I am a huge advocate of giving people second chances in life. No matter what they have done, I believe everyone deserves another chance. I believe this is true in every area of life. It doesn’t matter if you have failed as a child, as a parent, as a spouse or as a person. I believe you will be given a chance through the grace of God and should be given that chance by the people who claim that grace. We forgive as people who have been forgiven.
The hardest part of being giving second chances is admitting that I failed and need a second chance. I have couples sit in my office and tell me about their marriage and nothing is their fault. I have parents who tell me of their rebellious children and they have done nothing wrong. I have sinners who tell me of their struggles and it is often the result of other people.
Sure there are a few people who hit rock bottom and are willing to admit it. Sure there are a few people who get caught and will gladly accept that they were caught. But most people have huge areas of failure in their lives that they blame on situation, circumstances and other people.
A big step to healthy living is always fighting off disease. The biggest step many of us will ever take toward healthy living is the one that says “I was wrong. Will you forgive me?”
A couple of weeks ago I shared in a sermon a quote that helps guide my life. It is not Biblical (but I think it is a Godly principle). I am completely serious about this, it really does enter into my thoughts daily. I am sure you have heard this quote in a some form or another so it will be nothing new. It is:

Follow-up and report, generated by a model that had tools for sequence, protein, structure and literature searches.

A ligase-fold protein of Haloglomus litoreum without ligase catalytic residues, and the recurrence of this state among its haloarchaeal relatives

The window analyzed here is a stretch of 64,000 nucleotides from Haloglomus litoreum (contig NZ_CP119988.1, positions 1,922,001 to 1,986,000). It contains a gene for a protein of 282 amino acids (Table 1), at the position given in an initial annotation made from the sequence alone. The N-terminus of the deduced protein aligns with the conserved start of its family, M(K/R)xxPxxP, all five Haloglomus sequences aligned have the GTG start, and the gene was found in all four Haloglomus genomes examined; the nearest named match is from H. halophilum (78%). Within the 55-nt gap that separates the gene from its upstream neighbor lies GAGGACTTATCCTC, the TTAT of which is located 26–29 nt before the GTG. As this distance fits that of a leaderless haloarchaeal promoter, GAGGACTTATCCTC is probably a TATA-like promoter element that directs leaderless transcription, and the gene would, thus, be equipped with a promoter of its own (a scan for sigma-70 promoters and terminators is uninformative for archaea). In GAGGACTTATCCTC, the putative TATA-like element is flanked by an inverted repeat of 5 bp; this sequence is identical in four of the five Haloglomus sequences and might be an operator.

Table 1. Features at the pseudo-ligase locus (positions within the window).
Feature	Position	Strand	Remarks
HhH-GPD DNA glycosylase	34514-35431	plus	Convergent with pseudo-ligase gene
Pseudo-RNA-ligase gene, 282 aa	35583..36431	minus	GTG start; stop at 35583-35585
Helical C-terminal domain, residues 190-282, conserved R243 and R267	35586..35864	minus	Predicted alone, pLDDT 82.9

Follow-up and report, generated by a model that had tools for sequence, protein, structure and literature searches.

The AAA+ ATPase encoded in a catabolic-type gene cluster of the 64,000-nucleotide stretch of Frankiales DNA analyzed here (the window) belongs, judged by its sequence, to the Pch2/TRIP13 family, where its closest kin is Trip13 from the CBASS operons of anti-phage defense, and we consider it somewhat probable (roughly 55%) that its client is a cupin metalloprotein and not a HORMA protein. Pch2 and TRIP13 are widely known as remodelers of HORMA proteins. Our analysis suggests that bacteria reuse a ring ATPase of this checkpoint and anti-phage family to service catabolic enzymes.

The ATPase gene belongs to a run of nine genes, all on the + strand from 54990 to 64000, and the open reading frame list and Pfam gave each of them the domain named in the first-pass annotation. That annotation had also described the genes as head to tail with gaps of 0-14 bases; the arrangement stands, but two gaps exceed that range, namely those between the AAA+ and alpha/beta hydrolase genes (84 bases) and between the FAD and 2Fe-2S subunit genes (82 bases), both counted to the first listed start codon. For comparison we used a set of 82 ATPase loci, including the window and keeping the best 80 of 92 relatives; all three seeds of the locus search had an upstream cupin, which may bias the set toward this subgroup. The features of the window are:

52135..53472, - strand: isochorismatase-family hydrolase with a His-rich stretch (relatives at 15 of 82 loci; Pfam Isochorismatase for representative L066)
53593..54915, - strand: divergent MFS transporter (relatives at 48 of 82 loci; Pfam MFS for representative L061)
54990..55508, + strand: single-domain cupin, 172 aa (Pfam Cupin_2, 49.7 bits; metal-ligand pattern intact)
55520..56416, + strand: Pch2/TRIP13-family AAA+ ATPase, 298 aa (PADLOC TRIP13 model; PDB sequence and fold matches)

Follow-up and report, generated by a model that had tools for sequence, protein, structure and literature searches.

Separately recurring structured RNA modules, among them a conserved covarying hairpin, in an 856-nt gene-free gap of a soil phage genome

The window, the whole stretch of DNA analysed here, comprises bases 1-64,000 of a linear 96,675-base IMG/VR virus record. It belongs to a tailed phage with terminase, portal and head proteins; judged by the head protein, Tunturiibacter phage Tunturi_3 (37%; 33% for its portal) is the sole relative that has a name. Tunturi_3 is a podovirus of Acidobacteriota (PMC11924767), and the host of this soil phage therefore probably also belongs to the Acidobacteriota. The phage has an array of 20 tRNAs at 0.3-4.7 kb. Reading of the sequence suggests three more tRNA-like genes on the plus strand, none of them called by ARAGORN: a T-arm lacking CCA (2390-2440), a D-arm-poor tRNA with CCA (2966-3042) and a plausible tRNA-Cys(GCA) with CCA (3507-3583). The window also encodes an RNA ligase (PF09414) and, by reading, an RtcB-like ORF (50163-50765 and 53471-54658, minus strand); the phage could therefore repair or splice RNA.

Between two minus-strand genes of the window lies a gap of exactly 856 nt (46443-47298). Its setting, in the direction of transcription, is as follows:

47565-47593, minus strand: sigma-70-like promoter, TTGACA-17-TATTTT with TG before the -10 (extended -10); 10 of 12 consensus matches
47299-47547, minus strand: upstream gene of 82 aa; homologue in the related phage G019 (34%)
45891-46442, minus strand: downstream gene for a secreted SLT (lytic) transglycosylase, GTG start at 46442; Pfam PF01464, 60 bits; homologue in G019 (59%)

“The best time to plant a tree was 20 years ago.
The second best time is today”
I know it may seem so simple but the older I get the more I find this to be true. I mean … I should have started working on my marriage 10 years ago but I can start today. I should have started reading my Bible 5 years ago but I can start today. I should have spent more time with my kids the last two years but I can start today. I should have taken up that hobby 20 years ago but I can start today.
Every time I think about a new venture in my life I usually begin wishing I had started a long time ago. My hope is that 5 years from now I will not still be filled with wishes and regrets about all the things I should have done. There are dozens of great things we could have done in the past – the real issue is “What are we going to start today?”